The SSLV launch was purchased from New Space India Limited, or NSIL, and is due for liftoff from India’s Satish Dhawan Space Center later this year.

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India sends probe toward moon landing

India GSLV rocket launch
India’s GSLV Mk III rocket lifts off, sending the Chandrayaan 2 probe on a trip to the moon. (ISRO Photo)

India began a slow but steady space odyssey to the moon’s south polar region today with the launch of its Chandrayaan 2 mission.

The lunar landing, set for Sept. 6-7, would make India the fourth nation to set a probe safely down on the moon’s surface, after Russia, the United States and China.

If all goes according to plan, the mission’s Vikram lander and Pragyan rover would gather the first on-the-ground scientific data from a region that NASA is targeting for a crewed landing in 2024.

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Indian rocket puts 29 satellites in orbit

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India’s Polar Satellite Launch Vehicle lifts off from the Satish Dhawan Space Center. (ISRO Photo)

India’s Polar Satellite Launch Vehicle has put a military satellite and 28 secondary payloads into orbit, with Seattle-based Spaceflight and other commercial ventures playing supporting roles.

The PSLV C45 mission lifted off from the Satish Dhawan Space Center at 9:27 a.m. local time April 1 (8:27 p.m. PT March 31). The primary payload was India’s Electro-Magnetic Intelligence Satellite, or EMISAT, which is reportedly designed to intercept radar transmissions for military intelligence purposes.

“This will certainly add to our capabilities, but getting into specifics is not good for us,” Sateesh Reddy, who heads India’s Defense Research and Development Organization, told The Times of India.

The launch came just days after India demonstrated its anti-satellite capability by firing a ground-based missile to down one of its own satellites in low Earth orbit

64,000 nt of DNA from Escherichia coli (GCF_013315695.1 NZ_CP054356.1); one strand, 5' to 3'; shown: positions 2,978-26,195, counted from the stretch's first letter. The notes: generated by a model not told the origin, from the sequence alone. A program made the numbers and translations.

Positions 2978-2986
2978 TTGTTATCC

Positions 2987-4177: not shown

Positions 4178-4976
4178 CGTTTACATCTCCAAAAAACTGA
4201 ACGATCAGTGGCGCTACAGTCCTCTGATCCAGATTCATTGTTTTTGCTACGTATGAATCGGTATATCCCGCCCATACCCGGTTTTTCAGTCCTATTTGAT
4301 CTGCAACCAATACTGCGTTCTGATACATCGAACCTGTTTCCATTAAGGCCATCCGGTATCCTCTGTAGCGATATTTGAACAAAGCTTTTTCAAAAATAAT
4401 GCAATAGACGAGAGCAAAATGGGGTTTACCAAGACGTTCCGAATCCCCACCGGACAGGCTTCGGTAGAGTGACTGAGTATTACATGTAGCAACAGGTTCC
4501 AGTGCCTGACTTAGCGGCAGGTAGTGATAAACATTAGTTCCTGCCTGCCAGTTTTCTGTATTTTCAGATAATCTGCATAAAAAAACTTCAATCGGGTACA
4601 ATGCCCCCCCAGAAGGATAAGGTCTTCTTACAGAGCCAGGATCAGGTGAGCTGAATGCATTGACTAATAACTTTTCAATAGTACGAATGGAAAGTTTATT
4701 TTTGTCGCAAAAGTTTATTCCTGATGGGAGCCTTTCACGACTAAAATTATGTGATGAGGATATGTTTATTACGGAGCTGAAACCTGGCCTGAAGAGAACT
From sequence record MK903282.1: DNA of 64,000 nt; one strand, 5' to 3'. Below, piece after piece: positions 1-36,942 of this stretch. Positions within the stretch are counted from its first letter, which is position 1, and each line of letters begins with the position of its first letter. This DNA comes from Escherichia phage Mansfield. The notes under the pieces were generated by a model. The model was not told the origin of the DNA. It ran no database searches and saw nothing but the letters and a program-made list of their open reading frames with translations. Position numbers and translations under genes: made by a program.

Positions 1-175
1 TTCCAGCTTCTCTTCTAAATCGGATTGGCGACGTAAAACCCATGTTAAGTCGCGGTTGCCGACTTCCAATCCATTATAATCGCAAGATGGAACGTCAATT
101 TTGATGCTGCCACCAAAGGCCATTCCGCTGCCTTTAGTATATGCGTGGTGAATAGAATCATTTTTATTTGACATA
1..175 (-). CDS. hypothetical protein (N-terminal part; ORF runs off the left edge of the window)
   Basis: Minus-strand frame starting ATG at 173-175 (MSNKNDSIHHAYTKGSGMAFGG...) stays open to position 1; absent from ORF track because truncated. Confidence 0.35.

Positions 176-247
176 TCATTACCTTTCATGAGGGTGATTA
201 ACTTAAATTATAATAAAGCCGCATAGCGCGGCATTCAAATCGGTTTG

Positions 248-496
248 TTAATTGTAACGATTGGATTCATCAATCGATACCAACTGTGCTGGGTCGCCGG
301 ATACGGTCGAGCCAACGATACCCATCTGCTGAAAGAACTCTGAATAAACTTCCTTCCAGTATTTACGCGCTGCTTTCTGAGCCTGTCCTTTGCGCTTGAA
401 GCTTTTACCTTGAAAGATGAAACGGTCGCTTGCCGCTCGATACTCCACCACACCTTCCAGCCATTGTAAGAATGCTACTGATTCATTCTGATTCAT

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Images stream in from a new crop of satellites

Beijing as seen by SkySat
A satellite image of Beijing, captured by one of Planet’s SkySat spacecraft, shows the Chinese capital’s futuristic high-speed rail station toward the left edge of the frame. (Planet Photo)

More than 100 payloads have been put into orbit over the past couple of weeks, including 64 satellites riding a SpaceX Falcon 9 rocket and 31 satellites that were launched by an Indian PSLV rocket.

Some of those satellites are already beaming back pictures of our planet. For example, Planet has shared images from both of the SkySat high-resolution imaging satellites that served as the lead payloads for Seattle-based Spaceflight’s dedicated rideshare launch on the Falcon 9. That mission, known as the SmallSat Express or SSO-A, lifted off on Dec. 3 from California’s Vandenberg Air Force Base.

One of the pictures features the Beijing South Railway Station, a futuristic-looking, clamshell-like terminal that serves as the Chinese capital’s stopping point for high-speed trains from Tianjin and Shanghai. The other image focuses on the Capibaribe River running through the northeastern Brazilian city of Recife.

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India launches BlackSky satellite (and 30 others)

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India’s PSLV rocket lifts off to send 31 satellites into orbit. (ISRO Video)

The first Earth observation satellite for Seattle-based BlackSky’s Global constellation has been sent into orbit aboard an Indian rocket.